Small Packages and Complex Routes

Every year, the OECD’s Illicit Trade series study records the current situation of global illegal trade. According to the study, the EU is particularly affected by international trade in counterfeit and pirated products, with around a quarter of all fakes flowing into the European Community in 2016. The counterfeit goods had a value of EUR 121 billion, or 6.8% of total EU imports. In 2013 it was still 5%.

Most of the counterfeits again came from China and Hong Kong. The sectors most affected were machinery and electronics with a value of USD 138 billion. In logistics, the trend is towards small shipments that can hardly be controlled. In addition, counterfeiters are trying to make their routes as complicated as possible. Important transshipment points for fake sales to the EU are Albania, Egypt, Morocco, and the Ukraine.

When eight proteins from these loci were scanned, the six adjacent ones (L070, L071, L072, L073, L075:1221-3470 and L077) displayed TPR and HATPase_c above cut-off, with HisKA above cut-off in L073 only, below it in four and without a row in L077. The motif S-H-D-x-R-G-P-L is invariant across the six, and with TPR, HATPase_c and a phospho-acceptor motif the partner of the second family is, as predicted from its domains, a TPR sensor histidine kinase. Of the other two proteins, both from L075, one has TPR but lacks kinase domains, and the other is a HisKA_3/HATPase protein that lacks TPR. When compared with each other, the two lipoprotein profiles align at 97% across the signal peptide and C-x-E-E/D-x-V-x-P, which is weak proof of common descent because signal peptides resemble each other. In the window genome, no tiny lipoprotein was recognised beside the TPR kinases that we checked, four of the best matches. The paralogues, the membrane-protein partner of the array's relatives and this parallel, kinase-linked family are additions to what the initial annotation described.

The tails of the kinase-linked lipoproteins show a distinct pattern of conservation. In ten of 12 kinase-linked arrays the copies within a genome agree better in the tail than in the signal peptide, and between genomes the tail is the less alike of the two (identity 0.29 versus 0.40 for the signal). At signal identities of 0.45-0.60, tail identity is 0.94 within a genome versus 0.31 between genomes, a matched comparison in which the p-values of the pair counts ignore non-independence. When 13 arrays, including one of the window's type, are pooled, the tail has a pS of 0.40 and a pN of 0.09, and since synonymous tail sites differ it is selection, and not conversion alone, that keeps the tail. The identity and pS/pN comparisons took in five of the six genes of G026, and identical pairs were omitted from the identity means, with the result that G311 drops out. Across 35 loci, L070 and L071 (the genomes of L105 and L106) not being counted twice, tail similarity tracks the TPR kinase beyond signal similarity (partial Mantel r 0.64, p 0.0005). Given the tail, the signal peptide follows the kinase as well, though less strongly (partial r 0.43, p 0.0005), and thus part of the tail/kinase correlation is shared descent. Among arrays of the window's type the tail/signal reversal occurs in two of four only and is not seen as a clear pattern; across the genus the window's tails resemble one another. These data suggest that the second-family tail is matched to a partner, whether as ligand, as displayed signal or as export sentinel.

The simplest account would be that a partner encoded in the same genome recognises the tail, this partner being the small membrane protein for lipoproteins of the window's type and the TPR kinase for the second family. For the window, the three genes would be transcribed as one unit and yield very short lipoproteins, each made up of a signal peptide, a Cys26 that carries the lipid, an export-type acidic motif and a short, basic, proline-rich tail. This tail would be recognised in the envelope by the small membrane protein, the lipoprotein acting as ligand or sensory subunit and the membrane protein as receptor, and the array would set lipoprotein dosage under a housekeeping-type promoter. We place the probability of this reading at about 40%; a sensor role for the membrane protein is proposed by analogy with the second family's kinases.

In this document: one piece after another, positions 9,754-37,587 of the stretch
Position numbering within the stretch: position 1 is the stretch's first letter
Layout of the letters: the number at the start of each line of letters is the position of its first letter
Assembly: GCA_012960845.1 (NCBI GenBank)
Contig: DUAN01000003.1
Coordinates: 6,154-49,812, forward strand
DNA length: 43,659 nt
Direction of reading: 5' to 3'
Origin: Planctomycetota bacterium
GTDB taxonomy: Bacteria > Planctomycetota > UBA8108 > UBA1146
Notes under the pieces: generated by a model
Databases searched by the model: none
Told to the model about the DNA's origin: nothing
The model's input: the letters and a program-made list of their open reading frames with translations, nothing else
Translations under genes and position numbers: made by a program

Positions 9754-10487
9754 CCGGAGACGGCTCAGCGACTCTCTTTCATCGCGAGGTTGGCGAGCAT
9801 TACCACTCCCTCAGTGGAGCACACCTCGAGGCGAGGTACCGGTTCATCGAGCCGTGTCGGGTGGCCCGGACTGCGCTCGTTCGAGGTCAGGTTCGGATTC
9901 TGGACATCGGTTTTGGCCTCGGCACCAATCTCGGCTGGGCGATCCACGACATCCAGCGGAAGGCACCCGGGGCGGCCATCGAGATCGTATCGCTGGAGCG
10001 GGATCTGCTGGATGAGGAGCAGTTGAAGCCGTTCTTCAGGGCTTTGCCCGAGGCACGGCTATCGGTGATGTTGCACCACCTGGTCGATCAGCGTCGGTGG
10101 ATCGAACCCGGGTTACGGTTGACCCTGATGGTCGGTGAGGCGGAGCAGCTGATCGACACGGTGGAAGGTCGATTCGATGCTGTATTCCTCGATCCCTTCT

By combining small quantities with complicated routes, counterfeit products are difficult to track, and the effort for the authorities is enormous. It is therefore important to identify the Chinese manufacturers of the counterfeits by tracing them – for example by investigating distributors in third countries – and to combat them specifically in China.

Source: OECD

Picture: Chuttersnap on Unsplash

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